This homework is going to examine the use of a) stepwise regression and b) LASSO for model selection with AIC and cross-validation. We will be re-using the home sale data we’ve saw in HW2.

1 Data

Load in the data. Do the same things we did last week to clean it a bit.

homes = read_csv("")

#Make a function that tells us if there are two levels -- Y and N
temp_fn = function(x) is.character(x) & all(levels(as.factor(x)) %in% c("Y","N"))
# Make a function that takes those levels and makes a logical variable
temp_fn2 = function(x) x == "Y"
#Run temp fn2 on columns where temp_fn 1 is true
homes = homes %>% mutate(across(where(temp_fn),temp_fn2))
#Convert remaining character functions to 
homes = homes %>% mutate(across(where(is.character),as.factor))
# But we want to relevel them for LASSO
na_relevel = function(x) factor(x,levels=c(NA,levels(x)),exclude=NULL)
homes = homes %>% mutate(across(where(is.factor),na_relevel))

Make a binary for if the number of bedrooms and bathrooms are both at least two. This is what we will be trying to predict.

homes = homes %>% mutate(twotwo = BATHS>=2 & BEDRMS >=2)

2 Questions

All questions asking you to predict twotwo in the data want you to use all variables. All questions not regarding twotwo should include twotwo in the model selection process (e.g. just don’t try to exclude it).

2.1 Q1

Model 1: Use a forward stepwise linear regression (with AIC based steps) to predict log(LPRICE) in the data. What is the AIC of the final regression (hint: its part of the standard output for glm but not lm)? How many coefficients does it have?

null = glm(log(LPRICE)~1,data=homes)
full = formula(glm(log(LPRICE)~.,data=homes))
stepwise = step(null,full,dir="forward",trace=0)
summary(stepwise)$aic #Prints AIC
## [1] 30290.06
length(coef(stepwise)) #Prints number of coefficients
## [1] 41

Model 2: Use a forward stepwise linear regression (with BIC based steps - hint: look at the help page for step) to predict log(LPRICE) in the data. How many coefficients does this model have?

stepwise_bic = step(null,full,dir="forward",trace=0,k=log(nrow(homes)))
## [1] 32

In two sentences or less, explain the reason for the difference in number of coefficients between models 1&2.

BIC imposes a stronger penalty on additional parameters, multiplying each additional parameter by ~10 (log(nrow(homes)) in this data) rather than 2. This means fewer parameters are sufficiently predictive to overcome the penalty, and so fewer variables get included.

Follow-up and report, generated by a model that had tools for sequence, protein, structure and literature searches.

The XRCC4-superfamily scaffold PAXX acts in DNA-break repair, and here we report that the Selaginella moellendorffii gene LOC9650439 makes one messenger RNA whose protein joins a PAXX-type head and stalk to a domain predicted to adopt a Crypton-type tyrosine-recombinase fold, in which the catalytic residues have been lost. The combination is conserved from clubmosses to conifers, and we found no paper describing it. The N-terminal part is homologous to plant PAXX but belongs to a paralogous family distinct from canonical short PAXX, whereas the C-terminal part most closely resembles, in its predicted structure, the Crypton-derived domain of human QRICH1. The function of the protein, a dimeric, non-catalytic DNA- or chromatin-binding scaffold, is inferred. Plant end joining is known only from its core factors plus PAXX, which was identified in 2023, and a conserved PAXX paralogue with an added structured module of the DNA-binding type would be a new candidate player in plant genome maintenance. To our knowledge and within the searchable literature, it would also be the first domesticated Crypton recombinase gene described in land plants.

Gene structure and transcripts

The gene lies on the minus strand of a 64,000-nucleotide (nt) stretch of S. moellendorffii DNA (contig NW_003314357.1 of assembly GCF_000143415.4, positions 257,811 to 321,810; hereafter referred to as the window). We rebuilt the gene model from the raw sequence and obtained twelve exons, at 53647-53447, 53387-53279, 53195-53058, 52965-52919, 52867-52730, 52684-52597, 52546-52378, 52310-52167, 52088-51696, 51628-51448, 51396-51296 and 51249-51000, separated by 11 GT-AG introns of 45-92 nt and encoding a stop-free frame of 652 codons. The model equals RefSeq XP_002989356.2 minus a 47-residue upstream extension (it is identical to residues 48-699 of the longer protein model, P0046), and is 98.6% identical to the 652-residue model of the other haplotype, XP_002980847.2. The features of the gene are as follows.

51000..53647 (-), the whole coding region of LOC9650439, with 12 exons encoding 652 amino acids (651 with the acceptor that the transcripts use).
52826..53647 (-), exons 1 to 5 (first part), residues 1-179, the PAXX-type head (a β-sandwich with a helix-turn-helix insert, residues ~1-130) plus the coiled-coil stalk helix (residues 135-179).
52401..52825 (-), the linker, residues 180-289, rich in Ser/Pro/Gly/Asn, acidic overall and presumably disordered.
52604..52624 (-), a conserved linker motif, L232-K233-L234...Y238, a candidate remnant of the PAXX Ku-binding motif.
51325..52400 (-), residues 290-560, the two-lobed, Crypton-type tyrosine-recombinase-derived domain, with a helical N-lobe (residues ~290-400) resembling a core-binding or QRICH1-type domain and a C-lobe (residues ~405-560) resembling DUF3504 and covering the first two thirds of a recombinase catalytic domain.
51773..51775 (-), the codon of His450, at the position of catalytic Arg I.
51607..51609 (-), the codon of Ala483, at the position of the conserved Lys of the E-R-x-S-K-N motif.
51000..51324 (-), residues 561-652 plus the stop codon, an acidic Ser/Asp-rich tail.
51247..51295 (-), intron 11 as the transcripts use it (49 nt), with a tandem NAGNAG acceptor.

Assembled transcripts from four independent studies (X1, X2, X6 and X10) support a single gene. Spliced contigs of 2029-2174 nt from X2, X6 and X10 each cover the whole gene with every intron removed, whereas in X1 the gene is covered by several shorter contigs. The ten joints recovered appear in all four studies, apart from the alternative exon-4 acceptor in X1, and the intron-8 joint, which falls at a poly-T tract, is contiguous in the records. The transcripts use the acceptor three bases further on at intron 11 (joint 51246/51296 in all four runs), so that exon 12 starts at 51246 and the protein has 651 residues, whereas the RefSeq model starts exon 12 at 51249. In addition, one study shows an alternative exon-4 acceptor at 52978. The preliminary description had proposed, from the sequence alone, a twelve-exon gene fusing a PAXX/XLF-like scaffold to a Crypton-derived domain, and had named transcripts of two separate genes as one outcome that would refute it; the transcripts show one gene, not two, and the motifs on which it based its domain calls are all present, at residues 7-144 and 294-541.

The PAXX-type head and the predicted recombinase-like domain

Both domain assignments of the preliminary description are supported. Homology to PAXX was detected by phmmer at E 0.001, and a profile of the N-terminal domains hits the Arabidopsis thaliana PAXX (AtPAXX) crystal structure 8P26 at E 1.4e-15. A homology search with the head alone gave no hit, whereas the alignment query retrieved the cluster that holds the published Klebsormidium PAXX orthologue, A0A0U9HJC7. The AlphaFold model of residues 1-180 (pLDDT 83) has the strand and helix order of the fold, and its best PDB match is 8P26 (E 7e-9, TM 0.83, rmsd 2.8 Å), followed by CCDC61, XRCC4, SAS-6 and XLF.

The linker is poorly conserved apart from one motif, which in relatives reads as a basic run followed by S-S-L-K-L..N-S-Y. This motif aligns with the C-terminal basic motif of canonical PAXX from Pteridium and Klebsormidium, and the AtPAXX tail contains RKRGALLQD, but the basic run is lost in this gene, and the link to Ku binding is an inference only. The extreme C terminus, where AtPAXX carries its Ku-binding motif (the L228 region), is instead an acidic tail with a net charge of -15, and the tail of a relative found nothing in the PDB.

2.2 Q2

xmatrix = sparse.model.matrix(log(LPRICE)~.,data=homes)

Use a cross-validated LASSO to predict log(LPRICE) (cv.glmnet should make this relatively easy, but you will want xmatrix from above). Show the deviance plot. How many possible subsets of the variables in our data are there? (hint: ncol(xmatrix) \(\neq\) ncol(homes), and ncol(xmatrix) is the relevant number)

Model 3: Find the \(\lambda\) that minimizes OOS deviance and the deviance at that \(\lambda\) (no need to report either). What is the number of non-zero coefficients with that \(\lambda_{min}\)?

Model 4: Find the biggest \(\lambda\) within 1 standard error of the minimum OOS deviance and the deviance at that \(\lambda\) (no need to report either). How many non-zero coefficients with that \(\lambda_{1se}\)?

We know that relative to the null distribution, the pseudo \(R^2\) is \(1-D/D_0\). What we haven’t discussed is that we could use a similar method to compare any two models (with the same likelihoods). What is the ratio of deviance of the larger model to deviance of the smaller model? In two sentences or less interpret that ratio.

cv.mod = cv.glmnet(xmatrix,log(homes$LPRICE)) #Build model
2^ncol(xmatrix) #Find n subsets. 
## [1] 1.1259e+15

cv.mod$lambda.min #Minimizing Lambda
## [1] 0.0007139252
min(cv.mod$cvm) #Min OOS deviance. Could also read off plot. 
## [1] 0.4108812
sum(coef(cv.mod,s="lambda.min")!=0) #nonzero coefs with minimizing lambda.
## [1] 46

Mostly the same code for the second bits

cv.mod$lambda.1se #1se Lambda
## [1] 0.05155117
cv.mod$cvm[cv.mod$lambda == cv.mod$lambda.1se] #deviance of 1se Lambda
## [1] 0.441502
sum(coef(cv.mod,s="lambda.1se")!=0) #nonzero coefs with 1se lambda
## [1] 18
cv.mod$cvm[cv.mod$lambda == cv.mod$lambda.1se]/min(cv.mod$cvm)
## [1] 1.074525

This ratio says that relative to the larger model, the smaller model fails to explain ~6% of the variation in the data.

2.3 Q3

Model 5: Add interactions (warning: may be slow, hint: you’ll need to modify/recreate xmatrix) and re-estimate the same cross-validation model as in Q2. How many possible subsets are there now (or at least, what does R say)? Show the CV error plot. What is the estimated number of coefficients when \(\lambda=0.2\)? (hint: look at the help page for cv.glmnet) In one sentence, how do these OOS deviances compare to the OOS deviances in Q2?

xmatrix =  sparse.model.matrix(log(LPRICE)~.^2,data=homes)
cv.mod2 = cv.glmnet(xmatrix,log(homes$LPRICE))
## [1] Inf